If you have concerns about getting upper respiratory infections with Onfi, talk with your doctor.

Mood changes, thoughts of suicide, or suicidal behaviors

Like all seizure drugs, Onfi may cause new or worsening mood problems (such as depression), thoughts of suicide, or suicidal behaviors.

It’s unclear how often these effects have happened with Onfi. They weren’t specifically reported in studies of Onfi. But in one study, aggression and irritability were commonly reported side effects of the drug. And these side effects can be symptoms of mood changes or depression.

What might help

During your Onfi treatment, tell your doctor right away if you experience any new or worsening symptoms of depression or other mood changes, unusual behaviors, thoughts of self-harm, or suicidal actions. Ask your friends and family to watch for any changes in your mood or behavior, too.

If you have questions or concerns about your risk for these side effects, talk with your doctor.

SUICIDE PREVENTION

If you think someone is at immediate risk of self-harm or hurting another person:

  • Call 911 or your local emergency number.
  • Stay with the person until help arrives.
  • Remove any guns, knives, medications, or other things that may cause harm.
  • Listen, but don’t judge, argue, threaten, or yell.

If you or someone you know is considering suicide, get help from a crisis or suicide prevention hotline. Try the National Suicide Prevention Lifeline at 800-273-8255.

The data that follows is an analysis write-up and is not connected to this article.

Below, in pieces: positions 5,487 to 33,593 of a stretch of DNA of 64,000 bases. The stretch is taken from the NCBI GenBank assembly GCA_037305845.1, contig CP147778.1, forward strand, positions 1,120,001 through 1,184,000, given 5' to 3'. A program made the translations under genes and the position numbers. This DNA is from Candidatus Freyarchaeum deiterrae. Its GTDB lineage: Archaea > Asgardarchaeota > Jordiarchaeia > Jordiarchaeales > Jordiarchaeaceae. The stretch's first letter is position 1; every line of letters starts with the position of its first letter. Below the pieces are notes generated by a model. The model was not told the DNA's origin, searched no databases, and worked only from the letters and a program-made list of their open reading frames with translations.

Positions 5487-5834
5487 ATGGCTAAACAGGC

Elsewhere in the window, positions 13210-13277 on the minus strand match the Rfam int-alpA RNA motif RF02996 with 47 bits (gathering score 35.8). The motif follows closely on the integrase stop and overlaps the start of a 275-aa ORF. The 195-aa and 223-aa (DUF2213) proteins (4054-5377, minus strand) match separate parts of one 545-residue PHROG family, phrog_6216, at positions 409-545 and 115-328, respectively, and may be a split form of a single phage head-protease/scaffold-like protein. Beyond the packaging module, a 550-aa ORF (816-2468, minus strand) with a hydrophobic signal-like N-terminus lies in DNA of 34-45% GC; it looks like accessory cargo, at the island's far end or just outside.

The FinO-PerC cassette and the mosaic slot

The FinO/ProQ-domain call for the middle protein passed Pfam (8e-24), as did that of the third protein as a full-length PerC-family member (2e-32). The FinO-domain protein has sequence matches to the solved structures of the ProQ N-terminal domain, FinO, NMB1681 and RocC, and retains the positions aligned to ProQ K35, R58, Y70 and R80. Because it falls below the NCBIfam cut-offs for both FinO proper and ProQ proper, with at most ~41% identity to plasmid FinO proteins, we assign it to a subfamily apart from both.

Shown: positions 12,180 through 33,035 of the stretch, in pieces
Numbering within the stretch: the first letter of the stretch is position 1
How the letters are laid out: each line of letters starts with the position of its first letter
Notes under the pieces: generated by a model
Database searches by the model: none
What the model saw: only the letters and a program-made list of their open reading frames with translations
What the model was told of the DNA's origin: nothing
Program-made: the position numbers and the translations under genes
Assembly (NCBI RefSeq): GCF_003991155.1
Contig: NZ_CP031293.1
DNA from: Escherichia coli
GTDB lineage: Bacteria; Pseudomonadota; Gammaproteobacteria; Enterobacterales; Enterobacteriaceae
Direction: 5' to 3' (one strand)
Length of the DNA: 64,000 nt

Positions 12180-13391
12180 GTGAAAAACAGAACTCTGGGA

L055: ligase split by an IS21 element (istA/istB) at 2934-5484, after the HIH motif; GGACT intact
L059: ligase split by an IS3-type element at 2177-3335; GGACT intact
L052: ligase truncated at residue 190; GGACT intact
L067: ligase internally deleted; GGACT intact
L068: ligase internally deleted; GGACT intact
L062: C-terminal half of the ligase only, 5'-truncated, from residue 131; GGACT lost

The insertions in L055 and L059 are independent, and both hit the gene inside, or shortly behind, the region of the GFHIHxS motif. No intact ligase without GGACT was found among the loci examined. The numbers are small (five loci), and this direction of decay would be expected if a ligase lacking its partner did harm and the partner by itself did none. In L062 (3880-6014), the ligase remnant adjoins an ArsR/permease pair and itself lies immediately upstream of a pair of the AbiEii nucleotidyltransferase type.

Allergic reaction

Like most drugs, Onfi can cause an allergic reaction in some people. But this side effect wasn’t reported in studies.

Symptoms can be mild or serious and can include:

  • skin rash
  • itchiness
  • flushing (temporary warmth, redness, or deepening of skin color)
  • swelling under your skin, typically in your eyelids, lips, hands, or feet
  • swelling of your mouth, tongue, or throat, which can make it hard to breathe

What might help

If you have mild symptoms of an allergic reaction, such as a mild rash, call your doctor right away. They may suggest an over-the-counter oral antihistamine, such as Benadryl (diphenhydramine), or a topical product, such as hydrocortisone cream, to manage your symptoms.

If your doctor confirms it’s a mild allergic reaction to Onfi, they’ll decide if you should continue using it.

For symptoms of a severe allergic reaction, such as swelling or trouble breathing, call 911 or your local emergency number right away. These symptoms could be life threatening and require immediate medical care.

If your doctor confirms you had a serious allergic reaction to Onfi, they may have you stop taking Onfi and switch to a different treatment.

Keeping track of side effects

During your Onfi treatment, consider keeping notes on any side effects you’re having. Then, you can share this information with your doctor. This is especially helpful to do when you first start taking new drugs or using a combination of treatments.

Your side effect notes can include things such as:

  • what dose of drug you were taking when you had the side effect
  • how soon after starting that dose you had the side effect
  • what your symptoms were from the side effect
  • how it affected your daily activities